BL:  Indeed, scientists’ predictions of late have been dire…  What about an environmental psychologist’s perspective on the popularity of the dystopian genre?  Dr. Raymond DeYoung is a professor at the University of Michigan School for Environment and Sustainability.

(Door knock, greetings exchanged)

BL:  DeYoung reminds us that humans have always faced big changes, throughout history. And a fascination for the future that causes us to explore potential options, may be natural. 

Raymond DeYoung: They may be trying to get themselves familiarized with what’s coming.  They may have decided this transition is inevitable, how we deal with it is not clear, so let’s try to think of some alternatives.

(Waterworlds trailer: “Those who survive, have adapted to a new world.”)

Spratt:  I think it’s really popular in our generation because we know that we’ve created this big mess of a problem now, and we are particularly curious about what that means for the future.

BL:  Georgia has a theory.  She feels that for some, there’s more to the popularity than just curiosity:  a longing for meaning and purpose, brought on by our increasingly technological, screen-oriented existence.  Here she is with Joe Johnstal. 

Gintowt:  Like, I'm wondering what you think the impact about this accessibility to this cyberspace world, or whatever, has on the way we relate to the world and the way that we feel about our own life and our own purpose, as humans.

Joe Johnstal: Yeah, I feel like it's super addictive and it's designed to be that way. And I think it gives us, like, stimulation that fulfills us in a way that nature could be.

BL:  He says he sometimes feels the one thing that would snap him out of it, is…

Johnstal: …if I were, like, thrown into this wilderness survival situation, and just kind of had life be hard, and just really require my full, like, physical and mental and spiritual effort just to, like, stay alive.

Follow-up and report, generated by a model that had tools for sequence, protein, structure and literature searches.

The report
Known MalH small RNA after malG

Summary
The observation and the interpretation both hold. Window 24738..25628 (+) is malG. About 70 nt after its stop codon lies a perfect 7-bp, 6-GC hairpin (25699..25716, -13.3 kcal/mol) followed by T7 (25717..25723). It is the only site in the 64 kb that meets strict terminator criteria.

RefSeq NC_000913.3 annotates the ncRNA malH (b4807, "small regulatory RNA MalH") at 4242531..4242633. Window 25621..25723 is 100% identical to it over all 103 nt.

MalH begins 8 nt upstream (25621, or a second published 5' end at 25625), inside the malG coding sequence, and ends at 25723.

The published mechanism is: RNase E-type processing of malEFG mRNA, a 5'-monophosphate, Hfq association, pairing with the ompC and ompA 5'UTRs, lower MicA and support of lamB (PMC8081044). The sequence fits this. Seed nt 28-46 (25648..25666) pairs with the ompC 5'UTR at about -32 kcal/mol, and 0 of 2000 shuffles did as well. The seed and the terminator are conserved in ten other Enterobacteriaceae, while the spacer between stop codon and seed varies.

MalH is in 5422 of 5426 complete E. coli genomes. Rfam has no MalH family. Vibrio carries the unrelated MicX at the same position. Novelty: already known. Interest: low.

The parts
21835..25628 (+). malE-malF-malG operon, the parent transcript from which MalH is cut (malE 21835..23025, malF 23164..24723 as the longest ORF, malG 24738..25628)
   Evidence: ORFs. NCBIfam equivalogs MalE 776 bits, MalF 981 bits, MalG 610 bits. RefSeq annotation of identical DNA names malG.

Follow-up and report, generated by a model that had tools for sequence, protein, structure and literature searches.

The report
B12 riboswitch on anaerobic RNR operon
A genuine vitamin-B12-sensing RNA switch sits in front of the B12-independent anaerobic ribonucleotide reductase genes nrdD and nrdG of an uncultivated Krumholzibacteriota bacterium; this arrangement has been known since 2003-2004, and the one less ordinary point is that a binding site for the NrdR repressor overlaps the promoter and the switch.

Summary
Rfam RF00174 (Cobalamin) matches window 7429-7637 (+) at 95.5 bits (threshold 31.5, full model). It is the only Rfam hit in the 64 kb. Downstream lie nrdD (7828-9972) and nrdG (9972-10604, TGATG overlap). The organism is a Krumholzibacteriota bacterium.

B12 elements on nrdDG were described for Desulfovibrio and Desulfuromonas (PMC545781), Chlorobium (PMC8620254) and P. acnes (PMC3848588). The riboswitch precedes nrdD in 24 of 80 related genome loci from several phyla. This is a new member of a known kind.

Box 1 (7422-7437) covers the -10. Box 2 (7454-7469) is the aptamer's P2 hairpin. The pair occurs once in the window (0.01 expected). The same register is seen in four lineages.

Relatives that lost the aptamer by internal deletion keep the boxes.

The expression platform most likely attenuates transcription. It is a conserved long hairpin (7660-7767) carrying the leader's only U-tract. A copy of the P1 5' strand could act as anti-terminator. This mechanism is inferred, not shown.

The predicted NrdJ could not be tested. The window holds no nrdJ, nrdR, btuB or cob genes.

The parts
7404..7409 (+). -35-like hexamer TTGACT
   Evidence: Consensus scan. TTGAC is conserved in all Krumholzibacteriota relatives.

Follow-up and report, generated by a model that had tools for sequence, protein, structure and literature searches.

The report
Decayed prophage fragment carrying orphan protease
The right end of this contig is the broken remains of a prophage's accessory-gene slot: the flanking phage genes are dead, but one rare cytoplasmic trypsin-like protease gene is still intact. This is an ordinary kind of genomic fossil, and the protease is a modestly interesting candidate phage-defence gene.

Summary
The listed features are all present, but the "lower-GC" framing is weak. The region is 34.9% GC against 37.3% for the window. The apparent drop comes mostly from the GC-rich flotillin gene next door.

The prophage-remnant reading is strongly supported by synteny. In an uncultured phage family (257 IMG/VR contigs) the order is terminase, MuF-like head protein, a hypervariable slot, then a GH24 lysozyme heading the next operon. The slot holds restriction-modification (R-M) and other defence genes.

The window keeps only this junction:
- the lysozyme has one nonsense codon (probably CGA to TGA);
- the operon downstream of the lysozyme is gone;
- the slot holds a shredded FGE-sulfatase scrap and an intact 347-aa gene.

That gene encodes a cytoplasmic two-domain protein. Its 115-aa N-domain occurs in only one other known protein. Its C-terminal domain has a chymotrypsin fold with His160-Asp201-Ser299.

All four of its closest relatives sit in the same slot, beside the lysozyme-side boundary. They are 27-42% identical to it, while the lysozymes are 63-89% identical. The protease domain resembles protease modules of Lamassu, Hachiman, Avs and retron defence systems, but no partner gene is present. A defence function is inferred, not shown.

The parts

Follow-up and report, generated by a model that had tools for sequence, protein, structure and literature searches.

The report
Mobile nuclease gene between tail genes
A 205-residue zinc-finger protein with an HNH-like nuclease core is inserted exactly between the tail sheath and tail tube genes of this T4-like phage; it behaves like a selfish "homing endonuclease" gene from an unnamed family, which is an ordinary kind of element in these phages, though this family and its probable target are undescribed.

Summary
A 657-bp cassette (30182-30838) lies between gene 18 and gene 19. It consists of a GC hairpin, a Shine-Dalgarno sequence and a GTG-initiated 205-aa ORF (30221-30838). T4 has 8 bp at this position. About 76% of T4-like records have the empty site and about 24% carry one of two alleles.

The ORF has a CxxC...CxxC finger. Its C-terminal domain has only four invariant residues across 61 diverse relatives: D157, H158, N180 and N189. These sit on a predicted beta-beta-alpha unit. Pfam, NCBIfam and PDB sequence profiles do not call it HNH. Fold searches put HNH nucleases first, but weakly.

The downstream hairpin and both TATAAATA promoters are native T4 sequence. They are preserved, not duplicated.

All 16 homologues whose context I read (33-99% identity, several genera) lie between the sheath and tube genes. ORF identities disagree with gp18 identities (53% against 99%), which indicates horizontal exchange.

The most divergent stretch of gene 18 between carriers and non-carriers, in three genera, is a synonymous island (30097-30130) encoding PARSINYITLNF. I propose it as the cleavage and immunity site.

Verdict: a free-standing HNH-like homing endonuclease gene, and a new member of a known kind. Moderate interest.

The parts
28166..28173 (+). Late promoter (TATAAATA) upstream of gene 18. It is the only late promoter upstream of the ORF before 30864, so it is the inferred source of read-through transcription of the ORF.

(The Hunger Games:  “We could do it, you know—take off, live in the woods.  They’d catch us. Maybe not.  We wouldn’t make it five miles.”)

Spratt:  We’re disconnected from nature, we’re disconnected from the food we’re putting in our bodies, we’re disconnected from the clothes we put on our backs.

Kemp: There is no real fight or flight anymore, there’s no, I guess, base human nature. It just seems like… everything we do is defined by corporations, and it just doesn’t seem like we get that base human level instinct.

(Beasts of the Southern Wild:  “Ice caps gonna melt, water’s gonna rise… you all better learn how to survive now!”)

(The Day After Tomorrow:  “Try to wait it out.  I will come for you.  Do you understand me? I will come for you!”)

DeYoung: I think that what they may see in those stories is that the actors, the protagonists, are being called on to do things that matter, and that’s what resonates in them.  They see that there is a way of living which, what I do matters, what I do can make a difference.

(The Day After Tomorrow:  “What can I do?  Save as many as you can.”)

BL:   OK, extreme challenges do draw you in, and certainly can sharpen the focus on what really matters.  But do we need to imagine a world run amok with technology, or technology utterly wiped out, in order to get that clarity?  

DeYoung: I don't agree with the Hollywood motif of it being either growth or collapse…  I think there's a middle space between those two that Hollywood doesn't talk about.  …I’m actually hopeful that climate change will be an opportunity for people, or it'll force people, to begin to make a transition that they haven't been willing to do on their own.

BL: For the folks Georgia interviewed, the idea of a dystopian future does not feel entirely fictional.  But as bleak as that sounds, I see now she’s right, their thoughts are not all negative.  There’s also a vein of positive empowerment.  An acknowledgment that, for better or worse, we are the authors of this story.  How it turns out, is up to us.

(Music from “Beasts of the Southern Wild” trailer.) 

BL:  Barbara Lucas, 89 One, WEMU News. 


“The Localization Reader: Adapting to the Coming Downshift,” by Raymond DeYoung and Tom Princen, MIT Press, 2012.

“Transitioning to a new normal: How ecopsychology can help society prepare for the harder times ahead.” Ecopsychology, 5, 237-239. By Raymond DeYoung, 2013.

“Cli-Fi writers imagine unchecked climate change,” by Brian Clark Howard, National Geographic, October 30, 2018.

“How dystopia hammers home the reality of climate change,” by Megan Quibbel, April 20, The Guardian, 2015.

“Beasts of the Southern Wild” trailer on Youtube “Mad Max” trailer on Youtube “Waterworld” trailer on Youtube “The Day After Tomorrow” trailer on Youtube “Snowpiercer” trailer on Youtube

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Barbara received a master's degree in Environmental Policy from the University of Michigan. She began her association with WEMU in 2003 as an intern with Washtenaw County, assisting with the weekly "Issues of the Environment" show. In 2003 she also began working in documentary film, and later established her own video production company.